Author Topic: Learning the rules of the English language.  (Read 8907 times)

Offline 2par

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Re: Learning the rules of the English language.
« Reply #15 on: July 12, 2013, 05:22:23 PM »
Haha, aww, Chris. I went to catholic schools, 1st through 12th, and had a great education. I learned a lot more than my public school friends.

Offline ChrisHarrison

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Re: Learning the rules of the English language.
« Reply #16 on: July 12, 2013, 05:37:24 PM »
You sure they were catholic? Doesn't sound catholic to me: great education!  ;) Did you not spend all morning singing hymns until the deputy headmaster was satisfied you weren't all evil whippersnappers?

Offline jeff

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Re: Learning the rules of the English language.
« Reply #17 on: July 13, 2013, 09:39:40 AM »
By far the best way of learning the 'rules' of good English is by reading good novels.
Then when you write, compare what you've written with what you've read.
Books on grammar are really just a way of making explicit things that you learn implicitly.
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Offline TheGreyMan

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Re: Learning the rules of the English language.
« Reply #18 on: July 13, 2013, 12:06:09 PM »
I like that Jeff, i do think that most of my knowledge of the technicalities of my language i have learned from my favourite novels.
I was just looking for a good website to use as a reference, for when things come a little unstuck.  ;)

One question i do have though is about the differences between British English and American English. I know about the different spellings but are there any differences in grammar to keep an eye out for? Apaert from their annoying way of writing dates down.  >:(
Forgive me if I'm being naive, I'm quite new to this.

Offline jeff

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Re: Learning the rules of the English language.
« Reply #19 on: July 13, 2013, 02:30:22 PM »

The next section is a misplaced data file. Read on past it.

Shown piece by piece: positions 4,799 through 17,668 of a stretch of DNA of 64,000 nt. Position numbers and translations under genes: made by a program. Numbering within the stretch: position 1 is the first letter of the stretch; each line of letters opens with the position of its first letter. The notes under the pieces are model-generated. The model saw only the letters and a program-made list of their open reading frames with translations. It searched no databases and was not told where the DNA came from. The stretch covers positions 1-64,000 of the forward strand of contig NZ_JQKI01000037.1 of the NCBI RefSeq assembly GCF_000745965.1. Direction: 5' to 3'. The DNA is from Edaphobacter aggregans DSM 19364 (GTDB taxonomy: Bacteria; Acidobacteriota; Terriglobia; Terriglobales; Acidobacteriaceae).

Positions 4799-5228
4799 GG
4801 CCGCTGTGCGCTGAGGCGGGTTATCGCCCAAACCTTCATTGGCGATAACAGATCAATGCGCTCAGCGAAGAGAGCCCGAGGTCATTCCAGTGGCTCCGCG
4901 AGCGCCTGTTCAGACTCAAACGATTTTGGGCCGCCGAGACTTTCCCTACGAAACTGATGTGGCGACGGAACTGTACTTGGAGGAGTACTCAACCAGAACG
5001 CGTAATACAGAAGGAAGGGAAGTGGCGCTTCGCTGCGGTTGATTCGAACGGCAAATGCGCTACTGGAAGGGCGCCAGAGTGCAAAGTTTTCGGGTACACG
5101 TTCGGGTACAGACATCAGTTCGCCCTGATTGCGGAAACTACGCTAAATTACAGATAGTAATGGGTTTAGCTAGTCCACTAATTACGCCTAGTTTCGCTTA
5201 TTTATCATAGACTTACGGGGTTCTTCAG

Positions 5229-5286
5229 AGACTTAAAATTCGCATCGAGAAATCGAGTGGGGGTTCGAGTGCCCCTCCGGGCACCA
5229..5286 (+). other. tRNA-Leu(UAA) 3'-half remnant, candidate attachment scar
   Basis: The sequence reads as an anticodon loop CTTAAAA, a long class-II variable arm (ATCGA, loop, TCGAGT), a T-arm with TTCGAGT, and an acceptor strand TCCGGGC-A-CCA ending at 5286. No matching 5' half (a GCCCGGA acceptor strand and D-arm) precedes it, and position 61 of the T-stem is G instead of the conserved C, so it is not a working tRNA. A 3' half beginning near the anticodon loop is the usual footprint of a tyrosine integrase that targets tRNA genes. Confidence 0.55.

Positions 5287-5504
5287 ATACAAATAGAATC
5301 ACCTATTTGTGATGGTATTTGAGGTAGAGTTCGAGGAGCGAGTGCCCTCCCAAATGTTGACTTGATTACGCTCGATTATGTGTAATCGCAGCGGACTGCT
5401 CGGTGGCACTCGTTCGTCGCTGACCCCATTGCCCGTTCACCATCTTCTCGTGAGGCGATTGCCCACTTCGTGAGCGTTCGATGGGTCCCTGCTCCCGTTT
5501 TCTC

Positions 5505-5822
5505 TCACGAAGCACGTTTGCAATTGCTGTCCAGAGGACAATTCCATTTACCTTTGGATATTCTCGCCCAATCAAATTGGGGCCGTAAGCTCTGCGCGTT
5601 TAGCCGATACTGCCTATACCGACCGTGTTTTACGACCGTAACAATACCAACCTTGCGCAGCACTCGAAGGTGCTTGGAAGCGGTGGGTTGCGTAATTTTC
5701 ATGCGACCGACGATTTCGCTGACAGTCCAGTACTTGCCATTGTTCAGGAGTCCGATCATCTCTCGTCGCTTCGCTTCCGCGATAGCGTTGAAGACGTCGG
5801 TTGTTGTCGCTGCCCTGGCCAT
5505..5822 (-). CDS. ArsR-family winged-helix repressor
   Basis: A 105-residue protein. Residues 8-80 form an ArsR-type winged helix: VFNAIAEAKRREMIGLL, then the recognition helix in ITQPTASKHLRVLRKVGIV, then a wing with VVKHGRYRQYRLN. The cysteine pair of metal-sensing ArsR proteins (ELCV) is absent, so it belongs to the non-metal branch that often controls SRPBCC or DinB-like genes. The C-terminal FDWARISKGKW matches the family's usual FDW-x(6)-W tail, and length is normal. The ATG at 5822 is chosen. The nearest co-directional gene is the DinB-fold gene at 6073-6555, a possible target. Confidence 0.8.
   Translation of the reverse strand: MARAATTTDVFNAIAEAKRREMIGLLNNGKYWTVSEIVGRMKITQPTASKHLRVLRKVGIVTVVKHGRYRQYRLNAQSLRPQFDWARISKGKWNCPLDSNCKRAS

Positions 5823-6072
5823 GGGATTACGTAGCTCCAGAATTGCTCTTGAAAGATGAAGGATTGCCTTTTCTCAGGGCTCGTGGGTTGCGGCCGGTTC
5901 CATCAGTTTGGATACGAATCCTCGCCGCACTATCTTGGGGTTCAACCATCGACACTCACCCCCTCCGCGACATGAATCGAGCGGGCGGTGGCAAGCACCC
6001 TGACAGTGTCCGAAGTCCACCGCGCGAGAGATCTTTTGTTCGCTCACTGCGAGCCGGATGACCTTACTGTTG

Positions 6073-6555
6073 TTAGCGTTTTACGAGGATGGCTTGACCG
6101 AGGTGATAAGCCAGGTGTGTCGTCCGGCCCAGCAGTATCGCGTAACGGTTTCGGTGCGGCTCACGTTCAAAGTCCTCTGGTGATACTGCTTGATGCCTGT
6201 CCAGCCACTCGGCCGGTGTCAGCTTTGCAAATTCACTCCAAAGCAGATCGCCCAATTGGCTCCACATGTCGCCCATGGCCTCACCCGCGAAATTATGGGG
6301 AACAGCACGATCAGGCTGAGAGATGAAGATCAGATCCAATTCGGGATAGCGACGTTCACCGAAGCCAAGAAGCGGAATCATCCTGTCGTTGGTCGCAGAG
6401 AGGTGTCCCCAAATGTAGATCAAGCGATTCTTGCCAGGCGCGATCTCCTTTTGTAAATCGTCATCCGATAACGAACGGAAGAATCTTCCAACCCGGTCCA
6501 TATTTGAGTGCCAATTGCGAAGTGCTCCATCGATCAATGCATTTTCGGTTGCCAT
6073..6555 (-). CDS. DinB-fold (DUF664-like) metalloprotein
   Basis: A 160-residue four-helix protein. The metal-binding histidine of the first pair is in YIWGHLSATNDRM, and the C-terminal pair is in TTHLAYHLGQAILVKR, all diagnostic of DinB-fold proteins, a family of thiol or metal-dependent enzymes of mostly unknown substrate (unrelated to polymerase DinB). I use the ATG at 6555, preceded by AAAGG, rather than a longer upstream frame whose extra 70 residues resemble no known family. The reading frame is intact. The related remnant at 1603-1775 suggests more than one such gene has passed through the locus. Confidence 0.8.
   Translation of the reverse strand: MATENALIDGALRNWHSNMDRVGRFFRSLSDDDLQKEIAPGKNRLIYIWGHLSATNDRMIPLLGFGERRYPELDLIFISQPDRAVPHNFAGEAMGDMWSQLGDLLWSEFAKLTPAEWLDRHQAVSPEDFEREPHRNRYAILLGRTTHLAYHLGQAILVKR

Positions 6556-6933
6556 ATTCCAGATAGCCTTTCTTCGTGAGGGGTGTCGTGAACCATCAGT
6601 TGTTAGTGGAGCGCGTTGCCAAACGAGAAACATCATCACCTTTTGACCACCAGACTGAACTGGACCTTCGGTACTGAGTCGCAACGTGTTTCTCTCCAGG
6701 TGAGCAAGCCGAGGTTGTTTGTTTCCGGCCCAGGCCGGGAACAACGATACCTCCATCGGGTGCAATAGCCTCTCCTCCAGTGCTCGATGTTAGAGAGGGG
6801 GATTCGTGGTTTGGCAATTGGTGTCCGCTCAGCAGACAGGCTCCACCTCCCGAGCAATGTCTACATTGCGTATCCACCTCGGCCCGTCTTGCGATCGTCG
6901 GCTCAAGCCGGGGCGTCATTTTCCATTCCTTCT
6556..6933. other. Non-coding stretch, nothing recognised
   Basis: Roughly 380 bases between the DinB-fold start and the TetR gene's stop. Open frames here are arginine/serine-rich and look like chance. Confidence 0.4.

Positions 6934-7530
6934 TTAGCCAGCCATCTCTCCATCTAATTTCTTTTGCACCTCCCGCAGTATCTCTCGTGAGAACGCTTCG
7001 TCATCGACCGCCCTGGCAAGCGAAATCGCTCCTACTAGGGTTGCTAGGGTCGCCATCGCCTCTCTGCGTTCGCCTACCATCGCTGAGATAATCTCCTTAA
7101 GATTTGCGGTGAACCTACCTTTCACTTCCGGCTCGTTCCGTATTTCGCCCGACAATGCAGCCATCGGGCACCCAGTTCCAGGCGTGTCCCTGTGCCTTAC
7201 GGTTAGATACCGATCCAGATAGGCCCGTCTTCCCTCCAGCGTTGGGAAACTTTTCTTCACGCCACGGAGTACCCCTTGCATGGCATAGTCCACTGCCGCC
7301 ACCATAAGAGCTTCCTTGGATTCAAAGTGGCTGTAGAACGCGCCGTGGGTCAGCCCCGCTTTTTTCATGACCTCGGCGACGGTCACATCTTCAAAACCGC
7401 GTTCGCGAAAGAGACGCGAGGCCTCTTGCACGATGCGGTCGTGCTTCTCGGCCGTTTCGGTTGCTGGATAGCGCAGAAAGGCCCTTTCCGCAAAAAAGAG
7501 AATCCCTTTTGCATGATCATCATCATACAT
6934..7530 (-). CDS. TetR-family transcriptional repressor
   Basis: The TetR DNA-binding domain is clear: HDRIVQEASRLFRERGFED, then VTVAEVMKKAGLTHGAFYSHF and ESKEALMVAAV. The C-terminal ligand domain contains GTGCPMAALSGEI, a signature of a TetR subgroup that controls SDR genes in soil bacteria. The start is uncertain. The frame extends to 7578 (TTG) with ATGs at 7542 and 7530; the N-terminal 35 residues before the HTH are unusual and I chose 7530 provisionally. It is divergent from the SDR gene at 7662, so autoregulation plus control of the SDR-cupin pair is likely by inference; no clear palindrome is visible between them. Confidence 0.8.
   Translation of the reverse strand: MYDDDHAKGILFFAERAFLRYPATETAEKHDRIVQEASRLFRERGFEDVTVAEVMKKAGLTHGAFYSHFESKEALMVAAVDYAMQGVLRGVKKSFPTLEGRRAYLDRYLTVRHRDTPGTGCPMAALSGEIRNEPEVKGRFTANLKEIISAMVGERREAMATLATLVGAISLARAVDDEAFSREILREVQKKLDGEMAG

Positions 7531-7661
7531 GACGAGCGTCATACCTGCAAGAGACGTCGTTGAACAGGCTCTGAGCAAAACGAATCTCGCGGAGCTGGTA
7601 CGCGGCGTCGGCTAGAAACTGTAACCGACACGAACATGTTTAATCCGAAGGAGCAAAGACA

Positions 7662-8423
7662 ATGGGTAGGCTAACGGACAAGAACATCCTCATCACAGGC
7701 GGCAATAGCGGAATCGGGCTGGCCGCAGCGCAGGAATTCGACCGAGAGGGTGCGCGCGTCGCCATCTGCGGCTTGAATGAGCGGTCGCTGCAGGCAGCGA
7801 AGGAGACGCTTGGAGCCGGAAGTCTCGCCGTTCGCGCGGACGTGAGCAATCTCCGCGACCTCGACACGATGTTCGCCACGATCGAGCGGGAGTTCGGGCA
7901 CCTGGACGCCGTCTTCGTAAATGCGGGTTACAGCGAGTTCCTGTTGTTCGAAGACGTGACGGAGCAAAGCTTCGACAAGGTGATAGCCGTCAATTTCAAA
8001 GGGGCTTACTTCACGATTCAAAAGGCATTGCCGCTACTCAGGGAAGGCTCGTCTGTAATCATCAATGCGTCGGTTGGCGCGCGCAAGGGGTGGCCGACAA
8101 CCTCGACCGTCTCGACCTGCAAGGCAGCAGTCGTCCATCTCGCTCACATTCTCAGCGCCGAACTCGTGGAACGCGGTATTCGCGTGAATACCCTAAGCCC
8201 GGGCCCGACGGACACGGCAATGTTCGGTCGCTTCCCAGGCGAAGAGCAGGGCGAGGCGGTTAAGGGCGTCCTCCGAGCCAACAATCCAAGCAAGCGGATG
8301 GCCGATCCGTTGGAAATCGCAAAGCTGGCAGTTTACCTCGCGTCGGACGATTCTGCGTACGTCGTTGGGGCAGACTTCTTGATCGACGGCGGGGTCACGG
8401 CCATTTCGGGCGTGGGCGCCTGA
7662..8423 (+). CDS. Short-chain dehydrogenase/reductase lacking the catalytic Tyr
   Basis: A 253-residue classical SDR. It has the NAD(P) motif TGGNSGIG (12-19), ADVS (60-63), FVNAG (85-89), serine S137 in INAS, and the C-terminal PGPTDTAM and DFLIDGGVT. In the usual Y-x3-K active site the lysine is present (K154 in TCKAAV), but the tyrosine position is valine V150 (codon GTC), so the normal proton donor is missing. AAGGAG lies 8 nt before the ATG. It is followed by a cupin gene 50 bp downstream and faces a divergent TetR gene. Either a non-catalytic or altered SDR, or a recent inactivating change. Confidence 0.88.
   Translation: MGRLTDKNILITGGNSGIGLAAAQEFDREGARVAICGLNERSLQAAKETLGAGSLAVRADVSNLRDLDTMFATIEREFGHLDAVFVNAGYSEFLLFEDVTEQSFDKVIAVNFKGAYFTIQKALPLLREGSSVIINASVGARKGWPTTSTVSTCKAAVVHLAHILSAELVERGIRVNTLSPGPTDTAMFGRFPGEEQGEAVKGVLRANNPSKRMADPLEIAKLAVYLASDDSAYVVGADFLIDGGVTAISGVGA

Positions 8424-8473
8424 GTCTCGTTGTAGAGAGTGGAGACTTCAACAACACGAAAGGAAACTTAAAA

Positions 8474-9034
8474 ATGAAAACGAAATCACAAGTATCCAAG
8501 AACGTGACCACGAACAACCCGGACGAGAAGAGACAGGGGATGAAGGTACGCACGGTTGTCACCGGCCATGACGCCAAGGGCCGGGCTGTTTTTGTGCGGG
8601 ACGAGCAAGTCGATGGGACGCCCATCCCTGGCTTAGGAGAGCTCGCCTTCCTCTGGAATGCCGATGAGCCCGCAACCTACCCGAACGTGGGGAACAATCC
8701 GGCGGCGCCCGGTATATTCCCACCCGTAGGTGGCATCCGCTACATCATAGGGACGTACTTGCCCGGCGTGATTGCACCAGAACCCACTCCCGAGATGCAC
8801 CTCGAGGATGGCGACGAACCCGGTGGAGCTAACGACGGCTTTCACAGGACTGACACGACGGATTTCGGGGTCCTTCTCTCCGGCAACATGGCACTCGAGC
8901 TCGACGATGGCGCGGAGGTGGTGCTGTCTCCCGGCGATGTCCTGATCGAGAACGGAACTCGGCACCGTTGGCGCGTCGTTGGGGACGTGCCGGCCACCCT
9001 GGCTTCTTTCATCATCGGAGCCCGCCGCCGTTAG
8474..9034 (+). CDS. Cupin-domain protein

Differences between British and American English? Oh so many, where to begin? This is worth a thread all to itself...

In U.K the first floor of a building is called the ground floor, the second floor is called the first floor, the third is called the second... etc.

In U.K. private schools are called Public schools, and public schools are called whatever stupid name the government has just invented to make parents think things are changing for the better.

in U.K. the last letter of the alphabet is called Zed. That rapper should be callled Jay Zed. The Zombie story is World War Zed.

More seriously, the number 157 is one hundred AND fifty seven, not one hundred fifty seven.

The eleventh of september is 11/9. The ninth of novemeber is 9/11

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Offline intercat

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Re: Learning the rules of the English language.
« Reply #20 on: July 13, 2013, 04:00:48 PM »
i envy you guys your zed.

i was extremely lucky to go to decent schools, considering i grew up in the american south (shudder).  still, i think i learned more about english grammar and syntax through studying other languages.

Offline 510bhan

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Re: Learning the rules of the English language.
« Reply #21 on: July 13, 2013, 04:19:34 PM »
i envy you guys your zed.

i was extremely lucky to go to decent schools, considering i grew up in the american south (shudder).  still, i think i learned more about english grammar and syntax through studying other languages.

Ditto that. ;)

Offline Nick